“I keep hearing his words: ‘Connie, go out and enjoy this money,’” Connie Rotolo, 70, recalled. She was remembering the words of her dying husband of 45 years, whom she had taken care of for 10 years. “‘You deserve it. Go traveling like you always wanted to do, and we never got that opportunity. Connie, take care of yourself … I know I’m not going to make it.’”
Rotolo’s husband died in 2019, leaving his money as well as hers in their savings account. Then, bereaved and lonely as the coronavirus pandemic swept the world, she joined the dating site Zoosk in the summer of 2020. Before long Rotolo would lose her life savings of $475,000 to an alleged romance scammer.
Online for only three days in her Oceanside home, she got a message from a man who told her his name was Andrew Deckert, and that he was a civil engineer from Babylon working in Manila, in the Philippines. When he got back to the states, he wrote, they could go for coffee and a chat.
Messages from Deckert quickly turned into relentless love bombing, and at one point he declared, “Baby, I love you.” But Rotolo, who had never used online dating sites, was cautious, telling him, “I don’t even know you.”
“This is an addiction,” she said of the much-needed attention she was getting online. “People have to remember this. It’s like any other addiction: You hear it, you want more. You want to hear more that somebody’s in love with you. They’re going to take care of you. … Especially if you’re lonely.”
But things took a turn when Deckert started asking for money. “The stories went on and on and on,” Rotolo said. She ignored them all — until the threats came. Deckert said that their lives were in danger, and they would both be killed if she didn’t give him money.
“My thing was, OK, I don’t want to be killed,” Rotolo said. “So it started off with, over the two months, the 400-something thousand dollars.”
Within two months, Rotolo had sent Deckert a total of $475,000 in wire transfers. The situation became all too real when, she said, someone appeared outside her home and told her to stop using a private investigator to try to track down the scammer, saying “We’re going to get you and kill you,” she said. Terrified, she has since moved into another family home in Oceanside.
Rotolo was hopeful she would get all the money back when Deckert sent her a message saying he had signed a contract for $1.7 million, and sent documents “proving” it. He said that in order for her to be sent the money, she would need to open a Bank of America savings account, which she did, but the account was later shut down because the bank said it was being used for money laundering.
Rotolo didn’t go to the police because she was taking a chance on Deckert. “I was like, oh my God, you know, somebody’s paying attention after (my) caretaking for 10 years, I mean, this guy … you never know, and he was very nice in the beginning, really sweet. I mean, (he told you) anything you want to hear.”
Now, she says, the man has stolen what were supposed to be her golden years. “It was a very hard lesson for me,” she said. “It’s still hard for me. When I think about it, it just makes me ill. It does. Because I know how I am. And for me to give that kind of money out, I know I was not in my right mind. … It’s devastated me, it ruined me — he ruined my life.”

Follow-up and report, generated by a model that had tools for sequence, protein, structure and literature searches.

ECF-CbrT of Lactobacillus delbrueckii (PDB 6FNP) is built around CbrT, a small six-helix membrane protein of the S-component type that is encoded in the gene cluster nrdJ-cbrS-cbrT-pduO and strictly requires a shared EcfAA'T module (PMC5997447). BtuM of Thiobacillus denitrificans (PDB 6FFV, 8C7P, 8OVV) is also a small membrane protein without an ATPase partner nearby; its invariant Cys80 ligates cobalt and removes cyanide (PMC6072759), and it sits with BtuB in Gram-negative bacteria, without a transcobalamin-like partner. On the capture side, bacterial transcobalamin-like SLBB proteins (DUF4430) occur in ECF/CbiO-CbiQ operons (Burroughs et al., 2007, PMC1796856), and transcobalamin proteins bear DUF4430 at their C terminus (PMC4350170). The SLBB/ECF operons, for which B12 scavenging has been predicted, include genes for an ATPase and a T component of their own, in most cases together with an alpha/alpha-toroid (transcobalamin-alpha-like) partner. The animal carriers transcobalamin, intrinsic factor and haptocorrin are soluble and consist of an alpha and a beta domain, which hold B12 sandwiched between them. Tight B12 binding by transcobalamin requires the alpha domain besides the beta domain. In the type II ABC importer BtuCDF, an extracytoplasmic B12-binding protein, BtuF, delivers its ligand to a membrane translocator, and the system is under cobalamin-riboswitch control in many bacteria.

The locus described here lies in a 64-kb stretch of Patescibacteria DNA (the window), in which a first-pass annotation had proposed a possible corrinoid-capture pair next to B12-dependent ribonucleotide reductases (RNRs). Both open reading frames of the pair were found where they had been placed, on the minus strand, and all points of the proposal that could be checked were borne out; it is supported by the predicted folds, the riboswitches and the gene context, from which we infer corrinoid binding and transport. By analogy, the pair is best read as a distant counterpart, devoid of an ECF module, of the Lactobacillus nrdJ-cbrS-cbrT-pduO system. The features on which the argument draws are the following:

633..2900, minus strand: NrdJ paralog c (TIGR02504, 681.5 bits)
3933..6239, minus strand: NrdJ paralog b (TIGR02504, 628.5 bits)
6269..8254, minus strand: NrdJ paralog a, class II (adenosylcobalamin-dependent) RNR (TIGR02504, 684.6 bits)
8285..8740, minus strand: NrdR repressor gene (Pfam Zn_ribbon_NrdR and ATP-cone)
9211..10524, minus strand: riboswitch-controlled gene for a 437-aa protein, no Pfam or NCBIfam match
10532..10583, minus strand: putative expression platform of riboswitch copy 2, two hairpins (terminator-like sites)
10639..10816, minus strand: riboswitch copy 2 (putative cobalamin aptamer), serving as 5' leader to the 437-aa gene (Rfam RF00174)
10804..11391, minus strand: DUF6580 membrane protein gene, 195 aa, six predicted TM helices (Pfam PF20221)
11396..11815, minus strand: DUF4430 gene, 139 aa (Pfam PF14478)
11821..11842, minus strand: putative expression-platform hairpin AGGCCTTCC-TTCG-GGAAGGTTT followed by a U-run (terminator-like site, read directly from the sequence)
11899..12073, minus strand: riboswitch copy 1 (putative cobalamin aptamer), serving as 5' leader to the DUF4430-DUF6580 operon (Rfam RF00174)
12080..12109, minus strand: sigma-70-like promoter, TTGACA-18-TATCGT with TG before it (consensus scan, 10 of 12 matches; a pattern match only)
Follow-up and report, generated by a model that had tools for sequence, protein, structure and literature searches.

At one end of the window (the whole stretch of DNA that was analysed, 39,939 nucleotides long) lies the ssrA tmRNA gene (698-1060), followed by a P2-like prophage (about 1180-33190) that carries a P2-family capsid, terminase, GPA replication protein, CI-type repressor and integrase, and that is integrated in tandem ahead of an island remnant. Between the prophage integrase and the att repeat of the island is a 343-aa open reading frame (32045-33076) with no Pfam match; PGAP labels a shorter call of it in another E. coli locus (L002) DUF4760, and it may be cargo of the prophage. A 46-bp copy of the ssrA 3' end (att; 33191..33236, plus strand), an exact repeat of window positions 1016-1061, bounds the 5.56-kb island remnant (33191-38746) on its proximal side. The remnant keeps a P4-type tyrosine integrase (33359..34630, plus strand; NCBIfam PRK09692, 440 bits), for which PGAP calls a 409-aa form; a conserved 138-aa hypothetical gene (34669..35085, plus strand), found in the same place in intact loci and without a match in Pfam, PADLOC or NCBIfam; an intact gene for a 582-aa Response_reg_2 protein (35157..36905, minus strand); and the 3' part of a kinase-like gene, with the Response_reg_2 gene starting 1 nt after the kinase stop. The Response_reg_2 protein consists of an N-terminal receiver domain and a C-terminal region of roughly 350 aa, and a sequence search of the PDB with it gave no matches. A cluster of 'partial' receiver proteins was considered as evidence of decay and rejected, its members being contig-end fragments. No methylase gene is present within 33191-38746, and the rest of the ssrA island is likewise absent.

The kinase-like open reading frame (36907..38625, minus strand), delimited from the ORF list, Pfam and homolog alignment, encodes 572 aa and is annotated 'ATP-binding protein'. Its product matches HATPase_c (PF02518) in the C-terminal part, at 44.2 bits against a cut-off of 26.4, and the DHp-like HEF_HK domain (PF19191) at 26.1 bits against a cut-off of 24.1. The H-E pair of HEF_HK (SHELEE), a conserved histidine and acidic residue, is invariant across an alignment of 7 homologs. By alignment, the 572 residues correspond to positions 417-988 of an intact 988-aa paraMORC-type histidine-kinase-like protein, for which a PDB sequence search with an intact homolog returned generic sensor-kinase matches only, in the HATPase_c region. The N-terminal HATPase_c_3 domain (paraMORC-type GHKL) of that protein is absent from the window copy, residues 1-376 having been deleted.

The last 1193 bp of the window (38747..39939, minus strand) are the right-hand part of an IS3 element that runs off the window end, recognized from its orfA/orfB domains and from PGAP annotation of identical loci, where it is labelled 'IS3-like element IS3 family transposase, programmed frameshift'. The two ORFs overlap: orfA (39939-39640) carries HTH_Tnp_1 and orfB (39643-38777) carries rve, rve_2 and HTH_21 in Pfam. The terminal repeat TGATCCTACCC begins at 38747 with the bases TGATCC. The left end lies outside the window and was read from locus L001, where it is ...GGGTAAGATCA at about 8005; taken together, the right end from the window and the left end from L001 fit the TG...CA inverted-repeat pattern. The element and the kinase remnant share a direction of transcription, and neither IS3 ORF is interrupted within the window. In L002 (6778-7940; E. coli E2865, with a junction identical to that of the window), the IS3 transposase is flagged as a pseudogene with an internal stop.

A newly hired private investigator, Paul Smester, who was in law enforcement for 25 years, said that the Chase branch where Rotolo kept her savings should have stopped her, or asked questions after noticing the amounts being withdrawn and her age. Rotolo and Smester have worked on creating a paper trail to help the multiple law enforcement agencies investigating her claims, including the Nassau County Police Department Fraud and Forgery Unit and the U.S. Attorney’s office for the Southern District of New York.
A call from the Herald to the U.S. attorney’s office went unanswered, as did an email to the NCPD’s Fraud and Forgery Unit.
Rotolo and Smester believe she was taken advantage of by an international scamming organization based in Ghana known as “the Enterprise.” It is known for conducting romance scams through various media such as online dating websites. It was in the news in February of last year when a Virginia man pleaded guilty to laundering tens of millions of dollars from dozens of victims across the United States.
A press release from the U.S. Department of Justice detailed how the operation worked: “They … deluded victims, many of whom were vulnerable older men and women who lived alone, into believing the victim was in a romantic relationship with a fake identity assumed by members of the Enterprise. Once members of the Enterprise had gained the trust of the victims using the fake identity, they used false pretenses to cause the victims to wire money to bank accounts the victims believed were controlled by their romantic interests, when in fact the bank accounts were controlled by members of the Enterprise.”
“They look through all these social media sites … to see whose spouses have passed away,” Smester said. “And then they, you know, they reach out, they do their research, and they target these vulnerable people, and that’s how they draw them in.”
Smester said he is holding her bank responsible, and that it “should have red-flagged all these transactions,” since Rotolo is older and made large withdrawals. “They definitely should have picked up on this,” he said.
Rotolo now warns others online that if someone seems too good to be true, they probably are.